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New robot is “on the ball”

Aug. 11, 2006
Courtesy Carnegie-Mellon University
and World Science staff

Researchers have made a robot that balances and moves on a metal ball instead of legs or wheels. 

Ballbot co-developer George Kantor watches as the device roams about the office. (Courtesy Carnegie-Mellon University)

The battery-operated “Ball­bot” weighs 95 pounds (43 kg) and is about as tall and wide as a per­son. Its long, thin shape and abil­i­ty to ma­neu­ver in tight spaces gives it po­ten­tial to work around peo­ple bet­ter than tra­di­tion­al robots, its de­vel­op­ers claim.

Ralph Hol­lis of Carnegie-Mellon uni­ver­si­ty in Pitts­burgh, Penn., who said he orig­i­nat­ed Ball­bot in his home work­shop, pre­dicts such ma­chines could one day aid the eld­er­ly or dis­a­bled, or pro­vide of­fice help. 

Sta­ble, mo­bile robots tra­di­tion­ally move on three or more wheels, but their bas­es are gen­er­al­ly too wide to move eas­i­ly among peo­ple and fur­ni­ture, Hol­lis said. They can al­so tip over if they move too fast or on a slope. 

Robots with legs, on the oth­er hand, are com­plex and ex­pen­sive.

“We wanted to create a robot that can maneuver easily and is tall enough to look you in the eye,” Hollis said. Ballbot “can move easily in any direction without having to turn first.” 

Ballbot has an onboard computer that reads balance information from internal sensors, activating rollers that mobilize the ball on which it moves. The system is basically a mouse-ball drive in reverse, Hollis said. When Ballbot is still, it stands on three retractable legs. 

Hollis and a team of colleagues and graduate students presented research findings last October at the International Symposium for Robotics Research in San Francisco, and in mid-May at the International Conference on Robotics and Automation in Orlando, Fla.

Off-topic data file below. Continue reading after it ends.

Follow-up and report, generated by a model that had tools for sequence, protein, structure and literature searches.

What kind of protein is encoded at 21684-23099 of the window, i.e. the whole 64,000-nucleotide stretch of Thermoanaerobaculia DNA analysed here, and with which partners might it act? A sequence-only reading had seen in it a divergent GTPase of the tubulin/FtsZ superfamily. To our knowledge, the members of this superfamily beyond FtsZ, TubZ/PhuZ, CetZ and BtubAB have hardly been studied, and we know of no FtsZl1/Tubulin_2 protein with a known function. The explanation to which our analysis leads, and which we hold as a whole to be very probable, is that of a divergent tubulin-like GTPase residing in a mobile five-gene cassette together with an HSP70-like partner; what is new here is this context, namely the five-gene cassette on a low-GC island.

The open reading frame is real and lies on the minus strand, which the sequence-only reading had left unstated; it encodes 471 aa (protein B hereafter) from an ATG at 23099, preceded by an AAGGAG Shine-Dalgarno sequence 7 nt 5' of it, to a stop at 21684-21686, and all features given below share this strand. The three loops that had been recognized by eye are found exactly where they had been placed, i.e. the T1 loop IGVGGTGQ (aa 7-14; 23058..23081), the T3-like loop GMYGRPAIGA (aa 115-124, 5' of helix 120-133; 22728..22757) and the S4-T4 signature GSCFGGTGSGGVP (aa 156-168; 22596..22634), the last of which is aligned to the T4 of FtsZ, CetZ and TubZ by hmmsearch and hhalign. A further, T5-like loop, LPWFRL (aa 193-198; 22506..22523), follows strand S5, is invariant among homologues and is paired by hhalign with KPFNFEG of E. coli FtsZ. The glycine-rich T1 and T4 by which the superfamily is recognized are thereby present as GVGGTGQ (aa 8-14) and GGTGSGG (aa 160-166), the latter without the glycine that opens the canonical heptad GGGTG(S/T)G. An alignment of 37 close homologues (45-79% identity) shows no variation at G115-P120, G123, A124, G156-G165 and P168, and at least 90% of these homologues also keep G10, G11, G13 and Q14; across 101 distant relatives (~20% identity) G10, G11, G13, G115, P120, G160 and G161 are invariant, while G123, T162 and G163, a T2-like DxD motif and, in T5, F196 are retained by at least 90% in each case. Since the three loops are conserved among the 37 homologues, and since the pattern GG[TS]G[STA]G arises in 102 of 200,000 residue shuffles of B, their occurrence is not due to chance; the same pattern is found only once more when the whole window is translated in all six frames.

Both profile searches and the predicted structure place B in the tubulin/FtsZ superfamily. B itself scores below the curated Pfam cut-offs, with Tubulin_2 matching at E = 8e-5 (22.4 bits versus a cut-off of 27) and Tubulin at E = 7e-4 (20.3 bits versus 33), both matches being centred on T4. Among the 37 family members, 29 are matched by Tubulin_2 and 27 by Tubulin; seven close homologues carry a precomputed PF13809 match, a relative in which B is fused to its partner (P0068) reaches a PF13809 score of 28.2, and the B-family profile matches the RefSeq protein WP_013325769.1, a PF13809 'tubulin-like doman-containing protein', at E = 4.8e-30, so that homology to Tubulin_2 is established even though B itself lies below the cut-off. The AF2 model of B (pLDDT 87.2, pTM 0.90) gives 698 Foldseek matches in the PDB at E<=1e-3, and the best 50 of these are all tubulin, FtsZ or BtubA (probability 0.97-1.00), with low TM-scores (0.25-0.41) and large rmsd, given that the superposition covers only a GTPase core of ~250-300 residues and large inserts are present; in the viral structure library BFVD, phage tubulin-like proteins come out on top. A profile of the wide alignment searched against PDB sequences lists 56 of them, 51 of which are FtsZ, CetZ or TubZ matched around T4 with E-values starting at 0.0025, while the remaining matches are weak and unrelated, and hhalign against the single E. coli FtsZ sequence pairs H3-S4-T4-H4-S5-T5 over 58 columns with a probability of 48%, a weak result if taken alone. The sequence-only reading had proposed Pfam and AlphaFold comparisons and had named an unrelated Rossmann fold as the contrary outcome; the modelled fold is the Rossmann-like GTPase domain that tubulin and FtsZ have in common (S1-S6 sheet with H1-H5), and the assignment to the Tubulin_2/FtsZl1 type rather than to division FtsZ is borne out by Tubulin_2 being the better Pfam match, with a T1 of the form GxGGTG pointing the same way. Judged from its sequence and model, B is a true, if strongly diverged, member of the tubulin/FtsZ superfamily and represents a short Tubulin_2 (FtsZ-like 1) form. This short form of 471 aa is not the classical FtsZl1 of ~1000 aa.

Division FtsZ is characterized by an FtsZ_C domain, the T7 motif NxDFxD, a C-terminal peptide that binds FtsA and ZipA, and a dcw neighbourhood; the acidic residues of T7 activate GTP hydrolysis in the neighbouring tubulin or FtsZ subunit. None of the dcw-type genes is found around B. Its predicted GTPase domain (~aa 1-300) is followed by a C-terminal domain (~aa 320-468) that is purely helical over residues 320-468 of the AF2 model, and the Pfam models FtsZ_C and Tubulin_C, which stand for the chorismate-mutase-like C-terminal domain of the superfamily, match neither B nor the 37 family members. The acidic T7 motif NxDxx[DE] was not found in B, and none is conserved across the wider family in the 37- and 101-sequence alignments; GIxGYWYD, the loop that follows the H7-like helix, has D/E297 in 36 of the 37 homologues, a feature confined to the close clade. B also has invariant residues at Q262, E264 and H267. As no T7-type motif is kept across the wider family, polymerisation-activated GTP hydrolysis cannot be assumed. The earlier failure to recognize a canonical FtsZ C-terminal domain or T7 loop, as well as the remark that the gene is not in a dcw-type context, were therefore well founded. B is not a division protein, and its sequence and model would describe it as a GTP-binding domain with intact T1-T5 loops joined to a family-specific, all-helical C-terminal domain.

Future plans, Hollis said, include giving
Ballbot a head and arms, whose swinging would help rotate and balance the body. 

“We want to make Ballbot much faster, more dynamic and graceful,” he said. “But there are many hurdles to overcome, like responding to unplanned contact with its surroundings, planning motion in cluttered spaces and safety issues.” 

Hollis said he started creating robots as a hobby in the 1950s. “When I started building robots, the field didn’t even exist,” said Hollis. “Now the field has grown up around me and I’m in the middle of it. It’s like a dream come true.”

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The battery-operated “Ballbot” weighs 95 pounds (43 kg) and is about as tall and wide as a person. Its long, thin shape and ability to maneuver in tight spaces gives it potential to work around people better than traditional robots, its developers claim. Ralph Hollis of Carnegie-Mellon University in Pittsburgh, Penn., who said he originated Ballbot in his home workshop, predicts such machines could one day aid the elderly or disabled, or provide office help.  Stable, mobile robots traditionally move on three or more wheels, but their bases are generally too wide to move easily among people and furniture, Hollis said. They can also tip over if they move too fast or on a slope.  Robots with legs, on the other hand, are complex and expensive.